August 11, 2011
Part of SEC Week.
All things considered, 2010 isn't going to go down as the worst year in Tennessee history. But it may be the weirdest. Barely a week into the new year, the head coach abruptly bailed for the West Coast, to be hastily replaced by an on-the-fly, fourth-choice hire, Derek Dooley, better known for his last name than his record. Immediately, he was forced to hold together a recruiting class still being wooed by the outgoing staff. By the end of spring practice, Dooley had presided over the premature departures of the team's most high-profile player, its only experienced offensive lineman and its only experienced quarterback.
By midseason, his predecessor's only recruiting class was effectively up in smoke, and Dooley had presided over most lopsided home loss in school history, the most bizarre, emotionally wrenching loss of the regular season and double-digit losses at the hands of rivals Florida, Georgia, Alabama and South Carolina en route to a 2-6 record.
To get from that point to something approximating "optimism," you have be grading on a pretty steep curve. But as curves go, they don't come much steeper than Tennessee's offensive lineup from that point on: By kickoff of the bowl game, first and second-year players had combined to start 65 games over the course of the season on offense alone, led by a freshman invasion that eventually featured the starting quarterback, starting fullback, three starting offensive linemen and two regulars at wide receiver. More to the point, the fact that the words "bowl game" were still in the vocabulary, courtesy of a four-game November win streak to even the regular season at 6-6, was a validation of the youth movement all by itself.
By Halloween, there wasn't much point in trying to bring anyone along slowly in the midst of a foundering season, and it didn't take quarterback Tyler Bray long to throw off the reins. Once he'd wrested the job from junior Matt Simms with a pair of second-half touchdown passes in an eventual loss at South Carolina, Bray averaged 35 passes per game in his five starts, went well over 300 yards passing in four of them and connected on multiple touchdown passes in all five. Nine of his 18 TD strikes over the last six games covered at least 20 yards, to five different receivers. Thousand-yard tailback Tauren Poole was a fan favorite, but by the time the bowl game rolled around the running game was an afterthought, at best.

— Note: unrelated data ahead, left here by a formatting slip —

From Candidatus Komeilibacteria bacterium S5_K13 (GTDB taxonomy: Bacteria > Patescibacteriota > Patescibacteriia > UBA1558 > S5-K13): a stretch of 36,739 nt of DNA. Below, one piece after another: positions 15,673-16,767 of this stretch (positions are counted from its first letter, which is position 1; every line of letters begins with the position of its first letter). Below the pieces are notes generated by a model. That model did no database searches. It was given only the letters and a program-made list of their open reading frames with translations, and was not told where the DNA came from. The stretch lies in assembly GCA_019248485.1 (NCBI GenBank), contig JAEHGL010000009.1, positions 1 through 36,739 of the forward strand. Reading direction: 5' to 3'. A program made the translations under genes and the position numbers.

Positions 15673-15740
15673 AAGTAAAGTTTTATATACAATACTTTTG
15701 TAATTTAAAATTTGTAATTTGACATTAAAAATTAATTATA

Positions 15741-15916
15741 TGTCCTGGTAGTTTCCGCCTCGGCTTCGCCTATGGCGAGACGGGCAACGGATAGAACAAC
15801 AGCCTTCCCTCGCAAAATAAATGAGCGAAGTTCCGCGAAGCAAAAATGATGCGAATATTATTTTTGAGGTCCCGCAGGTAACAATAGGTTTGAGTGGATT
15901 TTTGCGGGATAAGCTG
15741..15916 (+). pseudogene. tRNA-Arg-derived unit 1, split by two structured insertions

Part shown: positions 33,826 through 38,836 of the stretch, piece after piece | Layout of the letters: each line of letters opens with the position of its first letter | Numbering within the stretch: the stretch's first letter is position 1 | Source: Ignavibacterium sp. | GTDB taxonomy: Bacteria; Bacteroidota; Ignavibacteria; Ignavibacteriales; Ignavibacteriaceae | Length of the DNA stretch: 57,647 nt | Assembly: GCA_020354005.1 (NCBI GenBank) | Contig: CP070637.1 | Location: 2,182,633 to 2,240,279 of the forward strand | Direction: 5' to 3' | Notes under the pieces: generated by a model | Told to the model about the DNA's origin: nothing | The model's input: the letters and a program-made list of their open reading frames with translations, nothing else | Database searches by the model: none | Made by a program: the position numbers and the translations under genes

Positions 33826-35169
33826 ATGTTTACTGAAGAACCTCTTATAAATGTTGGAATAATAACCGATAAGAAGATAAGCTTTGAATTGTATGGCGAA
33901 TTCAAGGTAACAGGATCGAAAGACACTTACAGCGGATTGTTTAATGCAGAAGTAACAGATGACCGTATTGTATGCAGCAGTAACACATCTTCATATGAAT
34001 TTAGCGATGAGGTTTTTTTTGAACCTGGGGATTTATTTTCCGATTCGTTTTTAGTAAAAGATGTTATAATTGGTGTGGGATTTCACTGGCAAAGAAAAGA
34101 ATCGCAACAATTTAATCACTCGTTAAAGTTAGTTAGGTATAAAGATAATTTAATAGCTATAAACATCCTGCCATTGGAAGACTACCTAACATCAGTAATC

The really scary part for defensive coordinators: Two of those targets were fellow freshmen, Da'Rick Rogers and Justin Hunter, who rode in on a wave of recruiting hype — Rivals ranked Rogers as the No. 2 incoming receiver in the 2010, Hunter as No. 8, with explicit comparisons to Calvin Johnson and Dwayne Jarrett, respectively — and flashed that potential throughout the season. Between them, almost half of their 27 receptions for the year covered at least 20 yards, good for 21.5 yards per catch with nine touchdowns. All of which came almost entirely in a reserve role; actually, Bray's most immediate rapport was with senior Denarius Moore, whose breakout November left him as the SEC leader in yards per reception. But even in Moore's absence, with Rogers and Hunter coming of age and Ryan Mallett's golden arm ascending from Arkansas to the NFL, there won't be a more lethal deep passing attack in the SEC this year or the next.
At least, that's how it appeared as the curtain fell on Act One. But consider the setting: Bray's first three victories as a starter came over three sad-sack opponents (Memphis, Ole Miss and Vanderbilt) that all finished among the bottom 25 nationally — 95th or worse — in pass efficiency defense, en route to a grand total of six victories between them. Kentucky offered slightly more resistance, but remained Kentucky. As good as the kids looked, the question was unavoidable: Who wouldn't look good against that schedule?
Against the murderer's row that laid the Vols to waste over the first seven games, Bray didn't play at all against Oregon, Florida or LSU and didn't turn any heads in relief duty against Georgia or Alabama; his first pass at South Carolina was picked off and returned for a touchdown by a defensive lineman dropping into a short zone. Exactly two months later, his last pass of the season was picked off to effectively seal a North Carolina win by a linebacker dropping into a short zone. That was the flip side of the "gunslinger" mentality: While he was racking up touchdown passes, Bray also served up seven interceptions in the last three games.
Three of those came opposite his four touchdown passes in the bowl game, where the Two Faces of Bray emerged in all their maddening glory / pain. His brutal performance in the spring game did nothing to quell anxiety about his nearly nonexistent track record against competent defenses. But there's no denying the spark he brought to a foundering team — a team that had barely escaped an upset bid by UAB a few weeks earlier as Bray watched from the bench — or the potential of his top two receivers as they begin to move out of the "growing pains" phase.
Still, growth may be more qualitative than quantitative: Florida, LSU, Georgia, Alabama and South Carolina all await again before Halloween, the same lineup that handed Tennessee five of its six regular season losses last year by an average margin of 17 points. Bray didn't start against any of them, but if he can slash that gap to single digits and pull an upset somewhere in the mix, a lateral move on the stat sheet — or possibly even a slight step back — might just wind up looking like steady progress on the field.